Children and young people spend a lot of time on the internet. They may go online to research information for homework or to play games and chat with friends. The internet holds a huge amount of useful information and is a great way of learning about new things and keeping in contact with friends and family. It can also be a very dangerous place so it is important that children are protected and monitored when they are online.
(Child Exploitation and Online Protection) has lots of information about how to keep your children safe online.
The NSPCC also offers lots of helpful tips and advice which parents can use to keep their children safe on the internet and social media sites. This link outlines the risks and dangers children face when using the internet: NSPCC Website
School Online Rules
Within school, children are taught to follow a set of online safety rules. Regular reminders about the importance of these are given to the children. The school has filtering in place to safeguard children and their use of the internet is strictly monitored.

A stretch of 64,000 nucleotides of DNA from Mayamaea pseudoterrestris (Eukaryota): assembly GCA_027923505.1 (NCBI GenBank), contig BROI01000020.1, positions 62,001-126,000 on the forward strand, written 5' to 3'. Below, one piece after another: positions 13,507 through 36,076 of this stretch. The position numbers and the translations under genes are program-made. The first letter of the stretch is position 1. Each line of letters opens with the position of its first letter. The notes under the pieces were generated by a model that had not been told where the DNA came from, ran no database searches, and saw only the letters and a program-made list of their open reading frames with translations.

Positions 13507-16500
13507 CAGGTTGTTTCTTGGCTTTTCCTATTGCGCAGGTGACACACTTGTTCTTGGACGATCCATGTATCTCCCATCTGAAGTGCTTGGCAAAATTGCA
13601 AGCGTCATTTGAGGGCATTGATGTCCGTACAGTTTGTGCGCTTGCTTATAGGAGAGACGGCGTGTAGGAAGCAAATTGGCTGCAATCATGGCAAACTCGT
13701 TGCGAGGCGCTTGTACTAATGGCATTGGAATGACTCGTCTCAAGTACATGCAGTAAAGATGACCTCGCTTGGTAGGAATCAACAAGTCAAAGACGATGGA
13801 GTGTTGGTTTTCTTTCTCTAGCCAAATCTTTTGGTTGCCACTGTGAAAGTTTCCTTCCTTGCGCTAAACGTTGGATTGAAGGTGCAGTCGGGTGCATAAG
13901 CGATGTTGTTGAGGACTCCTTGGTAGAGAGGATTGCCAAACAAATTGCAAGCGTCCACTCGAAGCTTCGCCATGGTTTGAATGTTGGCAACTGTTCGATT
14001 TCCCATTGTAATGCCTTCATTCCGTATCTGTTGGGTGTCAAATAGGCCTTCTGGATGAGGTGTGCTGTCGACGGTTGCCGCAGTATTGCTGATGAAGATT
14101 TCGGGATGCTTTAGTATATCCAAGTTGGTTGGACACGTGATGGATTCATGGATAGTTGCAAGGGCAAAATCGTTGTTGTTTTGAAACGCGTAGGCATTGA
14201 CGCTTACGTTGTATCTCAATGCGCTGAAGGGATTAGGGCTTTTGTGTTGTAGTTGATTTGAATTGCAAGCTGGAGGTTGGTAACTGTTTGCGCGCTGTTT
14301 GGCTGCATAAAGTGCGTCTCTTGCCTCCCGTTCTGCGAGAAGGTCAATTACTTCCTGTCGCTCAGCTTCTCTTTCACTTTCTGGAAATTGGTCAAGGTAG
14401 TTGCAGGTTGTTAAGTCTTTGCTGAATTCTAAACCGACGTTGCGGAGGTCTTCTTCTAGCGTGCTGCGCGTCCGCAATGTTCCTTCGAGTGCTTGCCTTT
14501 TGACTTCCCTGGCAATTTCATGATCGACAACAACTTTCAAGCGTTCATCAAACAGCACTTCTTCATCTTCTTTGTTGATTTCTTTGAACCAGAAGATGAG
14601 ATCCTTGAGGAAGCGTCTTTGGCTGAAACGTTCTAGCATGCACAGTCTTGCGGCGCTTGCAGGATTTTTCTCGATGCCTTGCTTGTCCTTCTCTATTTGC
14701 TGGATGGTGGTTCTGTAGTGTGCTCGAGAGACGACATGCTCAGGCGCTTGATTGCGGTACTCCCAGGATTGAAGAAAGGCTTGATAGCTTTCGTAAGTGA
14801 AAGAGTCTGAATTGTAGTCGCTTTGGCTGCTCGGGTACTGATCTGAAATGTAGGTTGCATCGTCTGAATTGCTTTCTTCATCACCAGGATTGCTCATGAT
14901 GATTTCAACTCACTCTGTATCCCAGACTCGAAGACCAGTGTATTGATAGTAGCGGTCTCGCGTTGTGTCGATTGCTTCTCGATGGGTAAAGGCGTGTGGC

How to Set Up Parental Controls
Parental controls can help keep your child safe. Even the most innocent searches online can bring up not so innocent results. Parental controls can be used to block upsetting or harmful content. They can also help to control online purchases or manage how long your child spends online. NSPCC advice on Parental Controls.
Children and young people’s lives have changed dramatically because of the coronavirus. With social distancing measures, children will be spending more time at home away from others and online.
While the internet is a great way for children and young people to stay in touch with their friends and keep busy during lockdown, it can also bring risks. Now more than ever it’s important to talk to your child about staying safe online and about the apps and sites they’re using. For advice on talking to young people about safety online, please visit: NSPCC Talking online safety.
Five articles to share on your socials over the summer
Help keep parents engaged with their child's online activities over the summer holidays by sharing the following articles on your social media or in your end-of-year newsletter:
1. Gaming: what parents and carers need to know
2. Sharing pictures of your child online
3. Keeping your under 5s safe online
4. Live streaming: responding to the risks
5. Using parental controls
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